193By default the Feasibility Pump heuristic is run at the start of CBC's branch and cut, but there are several ways to fine tune the heuristic.
     194Before I answer any of those questions, I should mention one or two undocumented features.
     195There are several parameters you can set to terminate the search early.
     196One is `maxNodes`. If you do `maxN??` in Cbc it will say that the valid range is -1 to 2147483647.
     197If you set maxNodes to 0, cbc will apply all cuts at root node and then terminate, but if you set it to -1, then the cuts will not be computed.
     198This can save some time if all you want to do is find a heuristic solution.
     199Also if `allowableGap` or `ratioGap` is set and a heuristic finds a solution which satisfies the gap criterion, then the code will also terminate before doing the node 0 cut computations.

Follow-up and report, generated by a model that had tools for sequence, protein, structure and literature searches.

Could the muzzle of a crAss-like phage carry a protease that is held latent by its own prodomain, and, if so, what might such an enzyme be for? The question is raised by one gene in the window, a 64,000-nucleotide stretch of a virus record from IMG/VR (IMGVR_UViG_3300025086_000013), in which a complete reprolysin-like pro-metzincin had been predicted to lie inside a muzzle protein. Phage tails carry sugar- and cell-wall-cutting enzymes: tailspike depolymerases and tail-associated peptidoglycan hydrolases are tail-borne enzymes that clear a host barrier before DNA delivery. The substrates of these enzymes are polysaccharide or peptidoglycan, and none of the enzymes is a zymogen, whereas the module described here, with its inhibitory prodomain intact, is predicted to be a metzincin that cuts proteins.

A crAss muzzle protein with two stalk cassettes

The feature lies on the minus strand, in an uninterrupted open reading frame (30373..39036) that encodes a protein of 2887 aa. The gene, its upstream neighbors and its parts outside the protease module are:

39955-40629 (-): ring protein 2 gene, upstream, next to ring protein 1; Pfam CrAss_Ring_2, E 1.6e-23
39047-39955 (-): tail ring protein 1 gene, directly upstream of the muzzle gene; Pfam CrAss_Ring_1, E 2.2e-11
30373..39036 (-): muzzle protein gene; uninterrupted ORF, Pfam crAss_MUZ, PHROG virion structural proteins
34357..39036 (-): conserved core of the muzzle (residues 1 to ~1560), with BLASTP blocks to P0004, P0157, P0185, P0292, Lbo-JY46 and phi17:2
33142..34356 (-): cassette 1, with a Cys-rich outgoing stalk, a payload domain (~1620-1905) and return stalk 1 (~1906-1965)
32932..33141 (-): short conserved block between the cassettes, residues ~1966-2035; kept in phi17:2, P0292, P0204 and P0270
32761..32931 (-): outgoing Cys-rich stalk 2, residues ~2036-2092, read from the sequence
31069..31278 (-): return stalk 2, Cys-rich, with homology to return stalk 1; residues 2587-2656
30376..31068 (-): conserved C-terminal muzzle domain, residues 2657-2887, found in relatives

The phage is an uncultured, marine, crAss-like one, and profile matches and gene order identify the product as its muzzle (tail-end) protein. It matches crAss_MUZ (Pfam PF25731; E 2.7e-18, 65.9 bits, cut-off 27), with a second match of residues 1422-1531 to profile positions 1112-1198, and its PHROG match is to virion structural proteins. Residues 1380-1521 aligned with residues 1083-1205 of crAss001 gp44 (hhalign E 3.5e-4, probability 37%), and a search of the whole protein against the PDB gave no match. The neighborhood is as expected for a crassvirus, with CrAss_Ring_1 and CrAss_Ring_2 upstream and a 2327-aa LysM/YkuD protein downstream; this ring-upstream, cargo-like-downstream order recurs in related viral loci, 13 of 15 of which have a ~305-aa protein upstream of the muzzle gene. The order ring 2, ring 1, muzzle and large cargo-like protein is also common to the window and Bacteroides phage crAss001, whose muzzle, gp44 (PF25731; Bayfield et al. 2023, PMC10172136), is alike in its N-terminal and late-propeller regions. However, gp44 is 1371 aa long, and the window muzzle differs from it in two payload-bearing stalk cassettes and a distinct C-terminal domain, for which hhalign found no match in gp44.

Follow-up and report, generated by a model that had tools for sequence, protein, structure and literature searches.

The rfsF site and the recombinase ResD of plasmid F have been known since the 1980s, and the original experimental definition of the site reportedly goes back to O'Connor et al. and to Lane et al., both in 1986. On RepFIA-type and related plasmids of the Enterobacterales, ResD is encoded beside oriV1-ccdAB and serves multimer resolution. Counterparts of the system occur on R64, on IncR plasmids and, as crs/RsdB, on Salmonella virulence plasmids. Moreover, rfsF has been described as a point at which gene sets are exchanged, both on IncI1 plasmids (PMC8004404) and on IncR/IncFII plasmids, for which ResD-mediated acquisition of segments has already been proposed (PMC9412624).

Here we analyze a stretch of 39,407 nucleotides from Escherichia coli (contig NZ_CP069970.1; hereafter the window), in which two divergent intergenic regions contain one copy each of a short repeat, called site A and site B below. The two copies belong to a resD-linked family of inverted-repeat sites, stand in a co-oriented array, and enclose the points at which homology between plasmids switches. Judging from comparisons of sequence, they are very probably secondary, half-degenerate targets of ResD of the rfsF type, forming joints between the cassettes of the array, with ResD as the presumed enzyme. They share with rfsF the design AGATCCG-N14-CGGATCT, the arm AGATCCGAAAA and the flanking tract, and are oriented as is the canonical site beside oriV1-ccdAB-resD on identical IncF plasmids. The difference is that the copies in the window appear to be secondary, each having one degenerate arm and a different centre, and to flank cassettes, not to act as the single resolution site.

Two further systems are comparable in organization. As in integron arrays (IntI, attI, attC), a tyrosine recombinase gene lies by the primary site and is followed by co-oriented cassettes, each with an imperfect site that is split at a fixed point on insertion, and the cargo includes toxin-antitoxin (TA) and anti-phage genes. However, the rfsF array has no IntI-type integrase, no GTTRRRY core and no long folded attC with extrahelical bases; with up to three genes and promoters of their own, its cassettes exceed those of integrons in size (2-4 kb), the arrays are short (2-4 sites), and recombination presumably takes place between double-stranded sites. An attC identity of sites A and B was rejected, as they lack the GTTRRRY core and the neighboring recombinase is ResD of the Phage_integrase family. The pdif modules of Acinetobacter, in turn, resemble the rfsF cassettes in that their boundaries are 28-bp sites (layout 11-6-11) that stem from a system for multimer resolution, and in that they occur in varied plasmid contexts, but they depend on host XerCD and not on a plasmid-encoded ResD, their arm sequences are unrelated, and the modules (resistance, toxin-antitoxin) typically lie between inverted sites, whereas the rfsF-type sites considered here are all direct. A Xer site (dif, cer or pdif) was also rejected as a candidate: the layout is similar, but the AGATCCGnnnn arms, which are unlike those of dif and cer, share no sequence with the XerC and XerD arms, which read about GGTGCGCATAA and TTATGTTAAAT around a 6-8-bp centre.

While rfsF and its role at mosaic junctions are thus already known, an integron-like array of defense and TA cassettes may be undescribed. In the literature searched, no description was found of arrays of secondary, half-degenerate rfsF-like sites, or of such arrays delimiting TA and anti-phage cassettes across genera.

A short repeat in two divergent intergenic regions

200Finally I should mention the `doh` option.  The full name of the parameter is `doHeuristic`.
     201Normally Cbc does preprocessing and then enters branch and cut, where the first thing to be done is the heuristics phase.
     202If a valid value for the objective is known then sometimes the preprocessing can do a better job as it can fix variables on reduced costs.
     203One way of doing this is to run some heuristics, then do preprocessing and go into branch and cut.
     204To do the feasibility pump then do preprocessing and then do feasibility pump inside branch and cut one would do
     206cbc ....mps -feas both -doh -solve
     209Anyway back to tuning the feasibility pump.
     210I should mention here that I will give the full name of the option but you can abbreviate it e.g. `passFeasibilityPump` is accepted if you enter `passF`.
     211There are three options which affect the heuristic:
     213 * `passfeasibilityPump` - this says how many passes of feasibility pump to do.